The Ten Commandments of Friendship

“Friendship or death.”

The Talmud


This short quote on friendship packs a powerful punch. Without friendship, the quality of life dwindles. Friendship can save lives; we learn this both in BT Ta’anit 23a and read it in the book of Ruth. Naomi, powerless and alone, rebuilt her life because another woman even more powerless than she, made her a companion for life. Aristotle wrote that, “A friend is a second self, so that our consciousness of a friend's existence...makes us more fully conscious of our own existence.”

I thought, reflecting on the two central texts of Shavuot, to merge the Mount Sinai narrative with story of Ruth and Naomi.


The Ten Commandments of Friendship I’ve Learned from the Book of Ruth:


#1 Under-promise and over-deliver. Naomi tells Ruth not to follow her because she did not want to be responsible for Ruth’s welfare, nor would she be able to find her a husband. But she did, encouraging Ruth to glean in the fields of a relative and prompting Ruth to reach out to Boaz in chapter three. Too many times friends tell you they were going to do something nice but fail to deliver. Intentions are not the same as actions, not in law and not in friendship. It’s better to under-promise and over-deliver.

#2 Be a friend when times are tough. The friendship of Ruth and Naomi emerges from shared loss and shared companionship throughout loss. “Wherever you go, I will go ends with, “Wherever you die, I will die and there I shall be buried.” As people, we are often drawn to success and not distress. Note: friends remember who was there at a shiva and who was at a bedside during illness. They see through us when we do not make the time or effort.

#3 Be a friend when times are good. Don’t only show up for funerals. Dance at weddings, too. After he won the Nobel Prize, Elie Wiesel shared in an interview that he could tell who his friends were by those who took genuine pleasure in his success and shared his joy. True friendship is not feeling like another person’s success takes away from our own or threatens us. It enhances us. Naomi and Ruth are together at the book’s end, sharing in the love of a new child as they shared in mourning at the book’s beginning. Stick around for happy endings.

#4 Friendship isn’t always even. When Ruth makes her magnanimous speech, Naomi does not respond in words. Sometimes we are too personally depleted to offer back much. Sometimes we cannot reciprocate evenly. But life is not even. The great biblical friendships of Naomi and Ruth and David and Jonathan were not even in terms of giving and taking.

#5 Kindness is the glue of great friendships. When Boaz acknowledges Ruth’s difficult journey to Judaism in the same language used to describe Abraham’s journey, he gives her the gift of kindness and validation. He shows her empathy in a world of harshness. A midrash tell us that these two individuals were divided by every external measure: he was 80, she 40. He was rich and influential. She was poor and an outsider; the glue that transcended these factors was their capacity for chesed, loving-kindness.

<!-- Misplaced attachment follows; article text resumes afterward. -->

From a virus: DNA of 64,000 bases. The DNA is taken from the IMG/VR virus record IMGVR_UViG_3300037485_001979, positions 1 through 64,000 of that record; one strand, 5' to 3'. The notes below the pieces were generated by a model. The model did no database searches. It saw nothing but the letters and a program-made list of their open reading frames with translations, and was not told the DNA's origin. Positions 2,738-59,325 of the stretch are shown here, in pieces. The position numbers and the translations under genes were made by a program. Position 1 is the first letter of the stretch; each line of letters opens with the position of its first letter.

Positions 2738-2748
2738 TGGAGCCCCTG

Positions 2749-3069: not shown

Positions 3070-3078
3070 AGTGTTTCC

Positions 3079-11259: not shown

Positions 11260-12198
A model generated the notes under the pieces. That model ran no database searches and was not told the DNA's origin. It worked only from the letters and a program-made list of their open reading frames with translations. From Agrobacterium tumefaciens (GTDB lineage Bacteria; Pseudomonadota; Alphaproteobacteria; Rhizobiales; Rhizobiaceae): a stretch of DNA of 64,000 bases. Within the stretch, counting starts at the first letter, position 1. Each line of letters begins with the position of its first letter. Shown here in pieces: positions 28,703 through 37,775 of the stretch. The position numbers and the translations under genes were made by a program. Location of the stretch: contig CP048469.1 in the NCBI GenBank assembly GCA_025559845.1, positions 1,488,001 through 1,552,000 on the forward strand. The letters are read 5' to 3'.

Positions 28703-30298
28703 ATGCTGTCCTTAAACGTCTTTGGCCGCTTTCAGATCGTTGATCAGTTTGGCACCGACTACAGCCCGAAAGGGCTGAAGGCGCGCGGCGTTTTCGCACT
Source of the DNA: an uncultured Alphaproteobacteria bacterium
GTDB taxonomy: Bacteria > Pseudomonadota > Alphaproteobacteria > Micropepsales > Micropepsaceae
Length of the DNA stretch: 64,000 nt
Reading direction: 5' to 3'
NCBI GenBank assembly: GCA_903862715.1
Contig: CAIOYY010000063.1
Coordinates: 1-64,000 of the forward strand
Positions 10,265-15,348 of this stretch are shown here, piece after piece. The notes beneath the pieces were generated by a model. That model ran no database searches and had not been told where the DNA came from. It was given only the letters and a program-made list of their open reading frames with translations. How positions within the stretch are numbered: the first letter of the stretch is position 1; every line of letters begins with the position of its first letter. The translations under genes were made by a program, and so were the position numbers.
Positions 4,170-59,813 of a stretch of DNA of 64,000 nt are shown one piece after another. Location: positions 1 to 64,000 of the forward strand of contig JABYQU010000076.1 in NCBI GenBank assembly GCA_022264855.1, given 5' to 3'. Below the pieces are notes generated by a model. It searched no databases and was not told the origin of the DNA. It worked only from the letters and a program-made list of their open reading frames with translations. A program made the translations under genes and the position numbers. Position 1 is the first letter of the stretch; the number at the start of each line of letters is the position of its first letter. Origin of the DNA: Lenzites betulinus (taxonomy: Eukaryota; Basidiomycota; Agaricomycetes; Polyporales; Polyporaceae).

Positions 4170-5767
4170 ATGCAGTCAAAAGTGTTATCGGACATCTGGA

#6 Friendship is not static. There are cycles of intimacy and distance. When children are little, they have friends for a day. If you share your snack, you are my friend. If not, I will not speak to you. Adults have better snacks, but they don’t always share. Sometimes life interrupts friendship. Good friends understand that friendship is not static. It evolves and changes, just as individual human beings do. We grow out of certain friendships and mature into others. Naomi emerges as a woman who can give more of herself when life begins to nurture her again, and Ruth was there for her.

# 7 Be a giver. We all know friends who are givers and friends who are takers. Ruth and Boaz were givers. Strive to be the giver and not resent the taker. But also identify other givers so that your own friendship energy is replenished, not depleted.

# 8 Great friendship has staying power for generations. The child born to Ruth and Boaz is named Oved. Oved means service in the most authentic sense of the word. Boaz and Ruth saw themselves as servants of others and acted as if serving others was the very purpose of their existence. As a result, their union resulted in someone named for the humility and generosity that translated into the next generation of love.

#9 Great leadership can emerge from great friendships. We all know that we go places by virtue of hard work and connections. Rather than minimize the significance of those you know and leave it all up to meritocracy, we might understand the favor bank in more generous terms. When we invest in social capital, others also invest in us. Ruth’s friendship with Naomi led her to love Naomi’s people, country and God and eventually produce an heir to it all.

#10 The best kind of friend challenges you to be a better self. Naomi becomes a more generous and loving person as a result of Ruth’s unconditional love and nurturing. The older woman learns from the younger and grows as a result. Naomi moves from someone who self-identifies as bitter to someone who can truly love and give again. She does this because her friendship with Ruth is aspirational. Maimonides explains that there are three types of friends: the utilitarian friend, the delightful friend and the ethically inspiring friend. Seek out friends who inspire.


If you’ve learned a friendship commandment from the book of Ruth – or discover one this Shavuot – please send it over.

Happy Shavuot and Shabbat Shalom